Located smack in the center of the Middle East, Qatar is a small independent nation covered entirely by desert—a place where temperatures climb easily into the triple digits in summer and where 14% of the local population are millionaires.
In less than a century, Qatar went from poor UK colony with a dwindling fishing industry to independent nation with booming infrastructural development and radically improved lifestyle. The country turned earnings from oil and gas trade into building the modern capital city of Doha. It also formed a sovereign wealth fund to strategically invest in fortunes across the globe and in diversified sectors—from tech companies like Uber to stakes in properties like the top 15 skyscrapers in London (34% ownership), St. Petersburg Airport (25%) and the Empire State Building (10% ).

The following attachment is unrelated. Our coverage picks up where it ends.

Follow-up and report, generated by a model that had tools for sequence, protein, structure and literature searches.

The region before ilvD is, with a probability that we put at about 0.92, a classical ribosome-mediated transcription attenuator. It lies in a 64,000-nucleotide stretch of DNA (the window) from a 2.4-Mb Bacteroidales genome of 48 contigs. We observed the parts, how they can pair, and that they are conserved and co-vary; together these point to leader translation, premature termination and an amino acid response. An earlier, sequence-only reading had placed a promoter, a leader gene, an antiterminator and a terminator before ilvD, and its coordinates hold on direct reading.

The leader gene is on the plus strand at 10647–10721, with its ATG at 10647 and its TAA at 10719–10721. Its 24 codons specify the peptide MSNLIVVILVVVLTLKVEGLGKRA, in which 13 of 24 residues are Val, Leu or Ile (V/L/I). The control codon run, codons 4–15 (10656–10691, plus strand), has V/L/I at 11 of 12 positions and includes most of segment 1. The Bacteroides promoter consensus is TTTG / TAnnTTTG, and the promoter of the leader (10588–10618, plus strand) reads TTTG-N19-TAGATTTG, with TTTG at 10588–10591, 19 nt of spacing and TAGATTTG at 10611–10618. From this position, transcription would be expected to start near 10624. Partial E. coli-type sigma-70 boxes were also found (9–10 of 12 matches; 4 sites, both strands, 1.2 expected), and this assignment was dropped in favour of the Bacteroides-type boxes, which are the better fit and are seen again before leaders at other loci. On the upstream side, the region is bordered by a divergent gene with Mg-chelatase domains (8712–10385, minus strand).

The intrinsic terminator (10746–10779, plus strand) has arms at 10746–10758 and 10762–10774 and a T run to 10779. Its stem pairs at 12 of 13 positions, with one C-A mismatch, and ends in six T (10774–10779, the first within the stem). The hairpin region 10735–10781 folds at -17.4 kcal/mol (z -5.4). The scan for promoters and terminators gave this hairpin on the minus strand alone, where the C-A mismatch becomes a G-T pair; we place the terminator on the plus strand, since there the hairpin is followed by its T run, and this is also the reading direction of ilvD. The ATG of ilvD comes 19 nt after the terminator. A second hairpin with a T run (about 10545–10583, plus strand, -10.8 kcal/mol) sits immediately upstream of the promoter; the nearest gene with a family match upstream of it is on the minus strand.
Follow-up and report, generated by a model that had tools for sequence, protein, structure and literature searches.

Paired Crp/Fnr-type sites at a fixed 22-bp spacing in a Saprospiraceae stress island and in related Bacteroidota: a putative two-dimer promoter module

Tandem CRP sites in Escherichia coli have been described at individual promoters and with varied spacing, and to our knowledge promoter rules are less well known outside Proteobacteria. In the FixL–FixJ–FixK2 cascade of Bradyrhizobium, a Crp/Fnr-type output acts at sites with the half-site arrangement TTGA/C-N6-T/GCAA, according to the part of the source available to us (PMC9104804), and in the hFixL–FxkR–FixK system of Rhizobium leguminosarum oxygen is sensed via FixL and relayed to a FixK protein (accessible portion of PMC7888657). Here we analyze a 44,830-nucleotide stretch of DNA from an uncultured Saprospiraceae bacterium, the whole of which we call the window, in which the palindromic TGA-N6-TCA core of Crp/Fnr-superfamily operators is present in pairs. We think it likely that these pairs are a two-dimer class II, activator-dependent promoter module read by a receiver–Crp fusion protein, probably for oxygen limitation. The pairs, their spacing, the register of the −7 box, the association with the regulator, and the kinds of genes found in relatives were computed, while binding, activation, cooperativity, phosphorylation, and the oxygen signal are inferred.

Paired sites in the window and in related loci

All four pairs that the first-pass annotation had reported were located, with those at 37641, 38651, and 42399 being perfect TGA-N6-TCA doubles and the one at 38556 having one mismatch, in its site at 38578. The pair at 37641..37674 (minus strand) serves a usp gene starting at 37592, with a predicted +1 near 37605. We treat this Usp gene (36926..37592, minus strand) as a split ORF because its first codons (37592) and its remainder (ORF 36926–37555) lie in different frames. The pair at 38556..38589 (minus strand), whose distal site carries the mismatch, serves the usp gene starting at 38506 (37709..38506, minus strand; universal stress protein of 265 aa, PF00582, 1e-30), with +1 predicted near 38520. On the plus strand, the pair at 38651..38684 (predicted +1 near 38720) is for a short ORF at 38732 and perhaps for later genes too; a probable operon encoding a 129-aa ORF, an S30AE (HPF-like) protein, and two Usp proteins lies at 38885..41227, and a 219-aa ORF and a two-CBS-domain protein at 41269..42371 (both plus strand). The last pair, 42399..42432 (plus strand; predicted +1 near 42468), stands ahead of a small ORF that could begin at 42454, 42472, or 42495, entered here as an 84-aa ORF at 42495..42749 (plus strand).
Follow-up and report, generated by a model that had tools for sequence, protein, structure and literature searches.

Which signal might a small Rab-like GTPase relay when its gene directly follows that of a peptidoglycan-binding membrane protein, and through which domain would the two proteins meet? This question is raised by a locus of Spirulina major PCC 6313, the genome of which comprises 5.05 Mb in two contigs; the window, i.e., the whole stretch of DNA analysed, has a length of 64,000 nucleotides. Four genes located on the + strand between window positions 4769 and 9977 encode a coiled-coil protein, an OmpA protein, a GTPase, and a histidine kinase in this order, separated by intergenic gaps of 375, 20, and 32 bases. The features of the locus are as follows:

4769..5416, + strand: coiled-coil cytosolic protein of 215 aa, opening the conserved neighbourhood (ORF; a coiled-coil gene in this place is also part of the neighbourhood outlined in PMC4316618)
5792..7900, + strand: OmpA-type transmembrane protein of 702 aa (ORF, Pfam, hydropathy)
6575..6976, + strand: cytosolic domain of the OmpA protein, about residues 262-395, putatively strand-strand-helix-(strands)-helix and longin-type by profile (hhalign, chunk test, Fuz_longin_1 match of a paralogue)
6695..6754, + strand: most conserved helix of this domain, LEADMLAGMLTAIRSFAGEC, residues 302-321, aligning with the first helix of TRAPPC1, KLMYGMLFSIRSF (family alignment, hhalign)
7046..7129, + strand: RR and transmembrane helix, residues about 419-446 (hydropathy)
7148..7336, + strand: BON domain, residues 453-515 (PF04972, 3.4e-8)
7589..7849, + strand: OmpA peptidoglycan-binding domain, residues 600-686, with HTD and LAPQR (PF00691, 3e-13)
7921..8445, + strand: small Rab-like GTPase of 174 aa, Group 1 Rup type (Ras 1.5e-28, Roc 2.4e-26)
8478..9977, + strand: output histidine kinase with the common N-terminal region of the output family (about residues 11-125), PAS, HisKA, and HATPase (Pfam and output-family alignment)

Today the Qatar Investment Authority is worth more than $335 billion, a portion of which is channeled back into the country and into Doha to build more highways, a metro system, universities, an I.M. Pei-designed Museum of Islamic Art and, of course, shiny skyscrapers. But it’s not all good news out of this desert metropolis, where millions of migrant workers are earning a pittance and living in makeshift camps. In response to international pressure, Qatar is in the process of labor reforms.
By the time it hosts the World Cup in 2022, Doha will offer a dynamic mix of traditional souqs, iconic landmarks, ritzy shopping malls and five-star hotels to rival those in neighboring Dubai. Qatar has its sights set on becoming the next tourism hotspot in the Middle East. And it has the means to do it.